Sonam Akther, from Bangladesh, grew up feeling ugly and insecure, unable to meet the beauty standards placed upon her and other women around the world.
Today, Sonam, as an educated woman completing her PhD in neuroscience, shares a new story - one of self-love, where women praise other women for their work, for their ideas and values ...
In our society, young women grow up insecure, without self-love. They grow up with a message that pimples are ugly, curly hair is not beautiful, messed up brows don’t look good, and hiding skin imperfections is normal. Growing up with my pimples, curly hair, big nose, and oily skin, I also felt insecure. I was not taught to love my features. Society taught me they were not beautiful.
In my second year of university, suddenly, acne appeared on my face. Growing up with ideas of beautiful women from television, I felt insecure. I thought people looked at me with disgust. Whenever someone saw me after a long time, their first comment was, “Your skin has become too clumsy and blemished. You were so beautiful before. What happened?”
Those questions made me extremely sad and insecure. Once my acne situation got so bad, I skipped university for three weeks. I simply couldn’t let myself go out. My inner strength was shattered. With the beautiful women in all those magazines, with photoshopped skin and body, with all those advertisements where women's skin and body were the main things to show, I felt I was not good enough.
... with photoshopped skin and body, with all those advertisements where women's skin and body were the main things to show, I felt I was not good enough
After twenty-three years of life, I realized many magazine and TV women were fake. Their skin and body were photoshopped (not because they were not beautiful naturally, but because society had this weird definition of women's beauty). I learned the beauty industry was teaching young women to hate themselves, keeping them busy with their insecurities because only in that condition could women be controlled.
When I realized I was much more than my skin and body, I started reading more about people. I read lots of books that helped re-shape my view. When I realized even though women were brilliant, they were mostly praised for their beauty; it made me think…
We can’t control beauty, but we can control our ideas and values. So, when people praise us for something that we can't control but overlook our abilities, they do not want us to know our worth.
I saw how teenage girls were trying to get those Instagram looks and hating themselves in the process.
I saw how advertising companies showed women not having a job because she was not fair and beautiful, but after using that "miracle cream", she became three-tone fair and got the job! These advertisements tried to dehumanize women, hindering their talent and ability, showing that they only got the job because they are beautiful now.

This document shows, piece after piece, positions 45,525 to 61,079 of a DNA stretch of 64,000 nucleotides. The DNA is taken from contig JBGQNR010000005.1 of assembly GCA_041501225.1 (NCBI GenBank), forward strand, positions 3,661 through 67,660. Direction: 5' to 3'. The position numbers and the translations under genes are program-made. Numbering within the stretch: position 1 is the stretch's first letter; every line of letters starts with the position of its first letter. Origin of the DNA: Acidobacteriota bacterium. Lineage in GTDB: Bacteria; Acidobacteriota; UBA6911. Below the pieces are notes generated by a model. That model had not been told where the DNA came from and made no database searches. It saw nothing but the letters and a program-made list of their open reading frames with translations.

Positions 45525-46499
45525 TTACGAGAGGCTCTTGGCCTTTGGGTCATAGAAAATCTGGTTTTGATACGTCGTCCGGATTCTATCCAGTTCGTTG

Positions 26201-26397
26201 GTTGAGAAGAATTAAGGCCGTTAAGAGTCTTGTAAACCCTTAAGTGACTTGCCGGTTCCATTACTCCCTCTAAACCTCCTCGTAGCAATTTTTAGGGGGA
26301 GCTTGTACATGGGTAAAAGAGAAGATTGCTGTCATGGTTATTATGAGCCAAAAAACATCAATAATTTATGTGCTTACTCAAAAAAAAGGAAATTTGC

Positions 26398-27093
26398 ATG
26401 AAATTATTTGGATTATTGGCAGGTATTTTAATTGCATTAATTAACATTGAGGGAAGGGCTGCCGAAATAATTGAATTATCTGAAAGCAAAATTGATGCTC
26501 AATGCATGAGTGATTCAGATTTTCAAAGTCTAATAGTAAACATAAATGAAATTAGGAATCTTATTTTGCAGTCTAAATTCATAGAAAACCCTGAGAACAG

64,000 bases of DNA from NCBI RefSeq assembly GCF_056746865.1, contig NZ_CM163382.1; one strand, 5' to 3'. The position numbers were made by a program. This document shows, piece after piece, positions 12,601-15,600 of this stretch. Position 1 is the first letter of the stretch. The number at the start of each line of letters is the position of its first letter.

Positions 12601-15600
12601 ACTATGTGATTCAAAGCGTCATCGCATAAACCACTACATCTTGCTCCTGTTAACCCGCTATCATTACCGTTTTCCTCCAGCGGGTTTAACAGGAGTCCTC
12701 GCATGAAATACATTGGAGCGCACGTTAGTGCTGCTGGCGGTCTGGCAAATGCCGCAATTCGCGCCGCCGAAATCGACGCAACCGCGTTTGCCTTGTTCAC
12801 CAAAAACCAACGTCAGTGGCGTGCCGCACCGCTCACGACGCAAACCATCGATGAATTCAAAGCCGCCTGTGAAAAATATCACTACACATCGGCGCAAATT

I saw on social media people were selling creams, saying, "You will be fair after using these." Women use those harmful creams just to look beautiful, in the process becoming sick (even skin cancer). This agenda worked fine, and a whole generation of insecure young women are now out there constantly trying to figure their worth.
And nobody is holding all those magazines and fake images responsible for this.
So today, this is what I want to say to all those women out there who constantly feel insecure about their color, skin, or pimples. You are beautiful, honey. Don't let those crappy magazines and advertisements make you feel vulnerable.
Believe me, in real life, those women look exactly like you. Those images are not real. Never try to feel unworthy because society imposed some so-called beauty standard on you. You are beautiful, just the way you are.
It took me twenty-three years to learn self-love. To know that my curly hair is beautiful. To know pimples are natural and everyone has them at some time. To know skin imperfections should not be covered. Instead, you should feel proud of yourself.
I never try to use anything to hide my own skin. I am very happy in my skin. Now, I feel like I am the best among all. The last nine years of my life were so fulfilling because I learned to grow up beyond my insecurities and love myself.
We need to celebrate our mind - something we can control. We need to praise other women for their work, for their ideas and values. It will take years to reverse the damage. But we must start now. We can teach our daughters to love themselves.
We need to praise other women for their work, for their ideas and values. It will take years to reverse the damage. But we must start now.
We can tell them they are beautiful and smart. We can teach them how to support themselves and other women around them. We must build a sisterhood to encourage each other. We are much more than our face. Behind our faces, we are the dreams, the laughter, the kindness, the ideas, the adventures, the laws, the rights, and the mother of our future generation. If we believe in ourselves, there is nothing we can’t achieve.
Maybe society didn't teach us how to love ourselves, but now, we will teach our daughters never to feel insecure in their lives.
HELLO, I'M SONAM AKTHER
Born and raised in Bangladesh, I have my Bachelor's and Master's from the University of Chittagong in Biochemistry and Molecular Biology.
After that, I joined the same department as a junior faculty member. Now I am doing my PhD in neuroscience at the University of Copenhagen, Denmark.